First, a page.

Translated information might be useful if people don't read English and something does go wrong. The company that makes your equipment might already have information in other languages available.
That depends – certain airlines have rules about travelling with medicines. You should check what you need to do at the airport and with the airline. Tell them what you need to take and how it needs to be stored. You might need letters from your doctor or nurse. Some medicines need to be kept below a certain temperature, so you might need a fridge where you stay, and cool bags for the journey. Your doctor or nurse can tell you about storing your medicines or medical equipment.
Some medicines that are legal here may need a special license in another country. So you might need letters from your doctor or nurse, or special paperwork to get your medicines through customs. Is English widely spoken where you're going? If not, you might want to have your medical documents translated - it could save delays and misunderstandings.
If you have to take your medicines at certain times of the day, remember that changing time zones - and just changing to a holiday lifestyle - might upset this routine. Talk to your doctor or nurse about how to make sure you're still taking the medicine at the right time.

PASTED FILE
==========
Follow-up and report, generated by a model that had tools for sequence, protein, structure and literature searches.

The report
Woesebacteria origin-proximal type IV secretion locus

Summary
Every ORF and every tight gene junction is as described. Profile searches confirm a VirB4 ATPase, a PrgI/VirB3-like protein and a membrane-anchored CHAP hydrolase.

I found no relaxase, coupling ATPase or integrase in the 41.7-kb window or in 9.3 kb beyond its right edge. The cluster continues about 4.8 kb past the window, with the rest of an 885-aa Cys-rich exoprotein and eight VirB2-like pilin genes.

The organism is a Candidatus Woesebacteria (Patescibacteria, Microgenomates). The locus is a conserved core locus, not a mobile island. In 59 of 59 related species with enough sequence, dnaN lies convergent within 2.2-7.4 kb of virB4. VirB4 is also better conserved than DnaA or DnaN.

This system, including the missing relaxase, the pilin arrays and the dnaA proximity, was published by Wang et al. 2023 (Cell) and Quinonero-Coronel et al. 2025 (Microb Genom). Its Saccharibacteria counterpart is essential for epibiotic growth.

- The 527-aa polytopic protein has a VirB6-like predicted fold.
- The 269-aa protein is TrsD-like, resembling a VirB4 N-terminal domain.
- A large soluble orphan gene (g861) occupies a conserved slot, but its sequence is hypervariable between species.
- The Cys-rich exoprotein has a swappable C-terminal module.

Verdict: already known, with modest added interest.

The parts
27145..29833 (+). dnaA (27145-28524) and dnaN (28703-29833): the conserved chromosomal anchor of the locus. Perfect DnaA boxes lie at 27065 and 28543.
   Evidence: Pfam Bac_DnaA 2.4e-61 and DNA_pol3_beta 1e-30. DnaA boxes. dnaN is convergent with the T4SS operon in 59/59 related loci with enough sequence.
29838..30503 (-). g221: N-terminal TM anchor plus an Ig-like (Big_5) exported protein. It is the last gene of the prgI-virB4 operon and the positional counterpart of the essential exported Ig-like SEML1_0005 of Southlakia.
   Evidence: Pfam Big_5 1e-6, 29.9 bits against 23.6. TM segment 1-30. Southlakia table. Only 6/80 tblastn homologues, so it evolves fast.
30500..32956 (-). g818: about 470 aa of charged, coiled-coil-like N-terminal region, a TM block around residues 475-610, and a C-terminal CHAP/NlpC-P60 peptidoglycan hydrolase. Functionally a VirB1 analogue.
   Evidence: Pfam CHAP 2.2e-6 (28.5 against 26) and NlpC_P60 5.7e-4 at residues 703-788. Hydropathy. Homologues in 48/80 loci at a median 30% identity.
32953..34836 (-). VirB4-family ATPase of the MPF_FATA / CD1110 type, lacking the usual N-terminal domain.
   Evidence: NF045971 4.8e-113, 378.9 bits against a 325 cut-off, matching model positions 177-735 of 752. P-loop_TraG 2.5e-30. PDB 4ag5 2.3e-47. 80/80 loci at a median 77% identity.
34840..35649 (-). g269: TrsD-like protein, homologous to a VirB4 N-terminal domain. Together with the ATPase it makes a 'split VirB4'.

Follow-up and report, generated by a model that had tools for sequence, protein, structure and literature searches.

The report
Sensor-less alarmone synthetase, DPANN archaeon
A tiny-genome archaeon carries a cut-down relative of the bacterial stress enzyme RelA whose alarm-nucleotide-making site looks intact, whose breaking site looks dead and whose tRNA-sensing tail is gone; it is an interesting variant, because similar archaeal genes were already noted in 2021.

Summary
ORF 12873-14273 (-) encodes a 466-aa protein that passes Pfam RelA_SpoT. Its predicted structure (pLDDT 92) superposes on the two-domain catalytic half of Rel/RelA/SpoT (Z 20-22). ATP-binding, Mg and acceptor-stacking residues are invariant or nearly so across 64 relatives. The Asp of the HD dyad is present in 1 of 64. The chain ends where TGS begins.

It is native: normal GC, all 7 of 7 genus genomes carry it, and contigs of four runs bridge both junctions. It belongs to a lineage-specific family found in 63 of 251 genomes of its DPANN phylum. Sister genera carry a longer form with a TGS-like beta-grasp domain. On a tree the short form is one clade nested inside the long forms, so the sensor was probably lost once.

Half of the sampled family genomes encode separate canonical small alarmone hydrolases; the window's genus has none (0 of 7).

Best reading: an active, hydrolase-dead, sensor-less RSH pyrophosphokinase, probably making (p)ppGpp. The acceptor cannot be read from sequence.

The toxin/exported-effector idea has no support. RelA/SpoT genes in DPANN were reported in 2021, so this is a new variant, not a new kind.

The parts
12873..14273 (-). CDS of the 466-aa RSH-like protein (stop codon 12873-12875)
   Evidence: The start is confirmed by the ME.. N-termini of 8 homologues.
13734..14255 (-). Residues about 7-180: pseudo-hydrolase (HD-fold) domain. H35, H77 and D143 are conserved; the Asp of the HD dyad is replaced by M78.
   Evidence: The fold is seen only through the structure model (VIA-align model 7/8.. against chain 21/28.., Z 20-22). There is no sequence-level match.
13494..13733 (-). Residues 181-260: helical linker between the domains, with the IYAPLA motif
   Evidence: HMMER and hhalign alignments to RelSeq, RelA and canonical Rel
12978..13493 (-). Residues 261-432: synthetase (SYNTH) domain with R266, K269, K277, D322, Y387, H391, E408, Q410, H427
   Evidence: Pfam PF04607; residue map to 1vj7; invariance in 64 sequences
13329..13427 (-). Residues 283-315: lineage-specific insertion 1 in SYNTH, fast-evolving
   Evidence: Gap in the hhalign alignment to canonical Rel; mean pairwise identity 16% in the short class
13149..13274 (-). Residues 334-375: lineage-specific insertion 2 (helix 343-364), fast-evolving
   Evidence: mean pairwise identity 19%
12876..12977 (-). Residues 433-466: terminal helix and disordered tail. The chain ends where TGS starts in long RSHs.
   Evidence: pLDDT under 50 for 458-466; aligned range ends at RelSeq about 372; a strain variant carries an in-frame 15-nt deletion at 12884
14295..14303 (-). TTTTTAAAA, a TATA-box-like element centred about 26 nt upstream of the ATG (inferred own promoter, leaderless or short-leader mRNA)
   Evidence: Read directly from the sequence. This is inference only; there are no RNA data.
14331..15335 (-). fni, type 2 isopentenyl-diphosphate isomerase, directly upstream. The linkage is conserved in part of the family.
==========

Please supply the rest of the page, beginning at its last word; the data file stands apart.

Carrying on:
Don't forget to have medicine with you for the trip - and maybe a bit extra, in case you or your bags are delayed anywhere.
Unfortunately, it probably will. Travel insurance is likely to be more expensive after a diagnosis of prostate cancer - even if you're not having treatment or if the cancer is under control.
Insurance is worked out by averages and risks. Because insurers think you're more likely to need medical assistance on your trip, they charge more. Most men with prostate cancer can find travel insurance, but you might have to shop around to get a good deal. There are specialist insurers and brokers for people with health conditions, but don't ignore mainstream providers - they might also have what you're looking for.